- Australian inflation surprised again on the downside for the September quarter and so rate hikes are still a way off. Our view remains that the RBA won't raise interest rates until late next year as it will take a while for a gradual pick-up in economic growth to flow through to wages growth and higher underlying inflation. RBA Deputy Governor Debelle's reference to sizeable spare capacity in the labour market and flat Phillips curves implies ongoing RBA concern about low wages growth.
Shane Oliver is the chief economist at AMP Capital.
Key measures of economic activity
- The key monthly measures on economic activity are scheduled for release in Australia, US and China in the coming week.
- The week kicks off in Australia on Tuesday with the Reserve Bank releasing private sector credit (or outstanding loans) data. In August, credit rose 0.5 per cent to be up 5.5 per cent on the year with business and home loans driving the gains while personal lending continues to retreat.
- Also on Tuesday, ANZ and Roy Morgan release the weekly survey of consumer sentiment. The data can be volatile so it is best to monitor longer-term trends. Consumers can be best described as nonplussed at present.
- The Housing Industry Association also releases new home sales data on Tuesday, a closely-watched measure of home demand.
- On Wednesday CoreLogic releases its October data on home prices. Based on daily data released so far, Australian home prices were flat in October. But while Sydney home prices eased by 0.3 per cent, Melbourne prices moved higher by around 0.3 per cent. The data should add to the case for leaving interest rates unchanged.
- Also on Wednesday, Commonwealth Bank and Australian Industry Group produce their separate gauges on manufacturing activity. And the Australian Bureau of Statistics (ABS) releases inflation data for different groups in the economy like pensioners and self-funded retirees.
- On Thursday the ABS releases September data on international trade and building approvals. In August the trade surplus rose from $808 million to $989 million. And the rolling 12-month surplus rose from $14.0 billion to a record $16.8 billion. In addition the data showed that Australia's annual exports to China lifted from $96.5 billion to a record high of US$98.6 billion in the year to August.
- In terms of council approvals to build new homes, they rose by 0.4 per cent in August after falling 1.2 per cent in July and soaring by 11.1 per cent in June. In trend terms, approvals rose for the seventh straight month, up by 1.1 per cent.
- On Friday, the ABS issues the September retail trade figures – including not just the monthly data but the quarterly results of the volume of goods purchased. Sales fell 0.6 per cent in August but retail trade only accounts for 30 per cent of household spending, so it is more focussed on sales of goods rather than services. As a result the data may be highlighting a shift in the sorts of things that consumers are purchasing.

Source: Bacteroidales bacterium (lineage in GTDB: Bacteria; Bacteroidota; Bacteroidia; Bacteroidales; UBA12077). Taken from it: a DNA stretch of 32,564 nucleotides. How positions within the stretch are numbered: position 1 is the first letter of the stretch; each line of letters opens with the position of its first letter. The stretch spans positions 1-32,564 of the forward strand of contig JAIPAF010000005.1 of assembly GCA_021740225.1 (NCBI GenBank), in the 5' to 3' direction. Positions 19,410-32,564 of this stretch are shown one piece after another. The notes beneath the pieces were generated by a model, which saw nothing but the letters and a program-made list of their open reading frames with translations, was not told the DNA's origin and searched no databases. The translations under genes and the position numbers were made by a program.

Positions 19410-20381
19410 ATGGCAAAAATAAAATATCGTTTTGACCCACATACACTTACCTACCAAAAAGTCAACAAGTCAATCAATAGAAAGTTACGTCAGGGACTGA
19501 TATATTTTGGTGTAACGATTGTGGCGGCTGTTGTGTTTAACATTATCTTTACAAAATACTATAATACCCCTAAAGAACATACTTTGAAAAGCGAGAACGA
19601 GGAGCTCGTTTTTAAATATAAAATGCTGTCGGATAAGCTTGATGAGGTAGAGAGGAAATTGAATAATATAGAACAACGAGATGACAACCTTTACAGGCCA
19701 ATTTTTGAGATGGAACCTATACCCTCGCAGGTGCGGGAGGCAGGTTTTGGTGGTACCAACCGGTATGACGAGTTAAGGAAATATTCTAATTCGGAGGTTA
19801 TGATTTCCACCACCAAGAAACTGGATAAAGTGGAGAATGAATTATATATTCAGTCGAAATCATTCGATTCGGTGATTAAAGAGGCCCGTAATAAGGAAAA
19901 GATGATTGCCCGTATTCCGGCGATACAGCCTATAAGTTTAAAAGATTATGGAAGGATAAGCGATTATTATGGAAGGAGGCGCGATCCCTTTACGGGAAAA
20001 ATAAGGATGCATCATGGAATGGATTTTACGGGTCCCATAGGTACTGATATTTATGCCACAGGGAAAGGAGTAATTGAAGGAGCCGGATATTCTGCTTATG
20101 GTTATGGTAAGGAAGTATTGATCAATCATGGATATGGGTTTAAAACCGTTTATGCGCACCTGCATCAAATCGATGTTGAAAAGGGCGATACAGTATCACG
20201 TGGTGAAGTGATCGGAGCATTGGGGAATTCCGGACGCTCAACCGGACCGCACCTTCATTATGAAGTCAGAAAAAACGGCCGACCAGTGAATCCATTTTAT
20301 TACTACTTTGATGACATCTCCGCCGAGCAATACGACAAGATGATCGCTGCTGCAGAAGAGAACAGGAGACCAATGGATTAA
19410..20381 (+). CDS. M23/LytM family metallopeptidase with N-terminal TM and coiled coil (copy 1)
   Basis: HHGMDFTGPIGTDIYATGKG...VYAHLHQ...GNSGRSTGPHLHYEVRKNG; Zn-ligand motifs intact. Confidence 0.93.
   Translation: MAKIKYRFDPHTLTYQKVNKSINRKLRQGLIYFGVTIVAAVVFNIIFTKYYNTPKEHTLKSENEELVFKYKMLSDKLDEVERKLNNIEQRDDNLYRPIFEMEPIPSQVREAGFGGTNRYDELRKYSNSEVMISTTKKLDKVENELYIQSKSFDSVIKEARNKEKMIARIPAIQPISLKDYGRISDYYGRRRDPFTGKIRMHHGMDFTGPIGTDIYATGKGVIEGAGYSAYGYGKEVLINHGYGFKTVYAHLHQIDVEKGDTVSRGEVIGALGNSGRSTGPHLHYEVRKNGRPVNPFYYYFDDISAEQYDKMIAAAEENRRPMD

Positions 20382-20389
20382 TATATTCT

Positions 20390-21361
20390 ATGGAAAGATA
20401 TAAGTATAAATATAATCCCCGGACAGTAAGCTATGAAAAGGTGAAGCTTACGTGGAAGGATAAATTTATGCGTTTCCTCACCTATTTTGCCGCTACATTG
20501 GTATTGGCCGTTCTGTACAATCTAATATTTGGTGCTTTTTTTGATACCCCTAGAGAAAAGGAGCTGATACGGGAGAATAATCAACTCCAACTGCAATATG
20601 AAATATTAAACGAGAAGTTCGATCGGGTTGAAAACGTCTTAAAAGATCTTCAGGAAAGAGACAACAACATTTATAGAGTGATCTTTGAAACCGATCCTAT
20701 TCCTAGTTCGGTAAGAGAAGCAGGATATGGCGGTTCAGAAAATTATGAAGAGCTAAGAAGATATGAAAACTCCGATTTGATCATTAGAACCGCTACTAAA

- The October data on new vehicle sales is released by the Federal Chamber of Automotive Industries on Friday.
Overseas: A big week for economic events
- There is a packed schedule of economic data releases in the coming week including data on US employment, gauges of Chinese economic activity and a meeting of Federal Reserve policymakers.
- The week kicks off on Monday with the release of US personal income and spending. While spending is tipped to lift 0.7 per cent, ahead of a 0.4 per cent lift in income, most interest will be in a key inflation measure. The Federal Reserve's preferred inflation measure – the core personal spending deflator – is tipped to lift 0.2 per cent, keeping the annual rate low near 1.4 per cent.
- On Tuesday in the US is the quarterly measure on employment costs. Economists tip a mild lift in the growth pace from 0.5 per cent to 0.6 per cent in the September quarter. But this may not be a big enough lift to worry policymakers.
- Also on Tuesday in the US is the S&P/Case-Shiller home price index, consumer confidence data and the Chicago purchasing managers index.
- Over Tuesday and Wednesday the Federal Reserve policymakers meet to decide interest settings (Thursday 4am, Sydney time). Economists don't expect a move this month but December is seen as an each-way bet.
- In China on Tuesday the National Bureau of Statistics releases purchasing manager survey results for both manufacturing and services sectors.
- On Wednesday in the US there is a gamut of economic indicators to be released including new vehicle sales, the ISM manufacturing index, the ADP survey of private employment and data on construction spending.
- On Thursday, the usual weekly gauge on the job market – new claims for unemployment insurance (or jobless claims) – will be issued together with the Challenger survey of job cuts and quarterly data on productivity and labour costs.
- On Friday, the all-important employment data is released in the US (non-farm payrolls). After a hurricane-affected 33,000 drop in jobs in September, job growth is tipped to power ahead by 300,000 in October. Average earnings (wages) may have lifted by 0.3 per cent in the month.
- The US ISM services index, factory orders and international trade data are also slated for release on Friday.
Craig James is the Chief Economist at CommSec.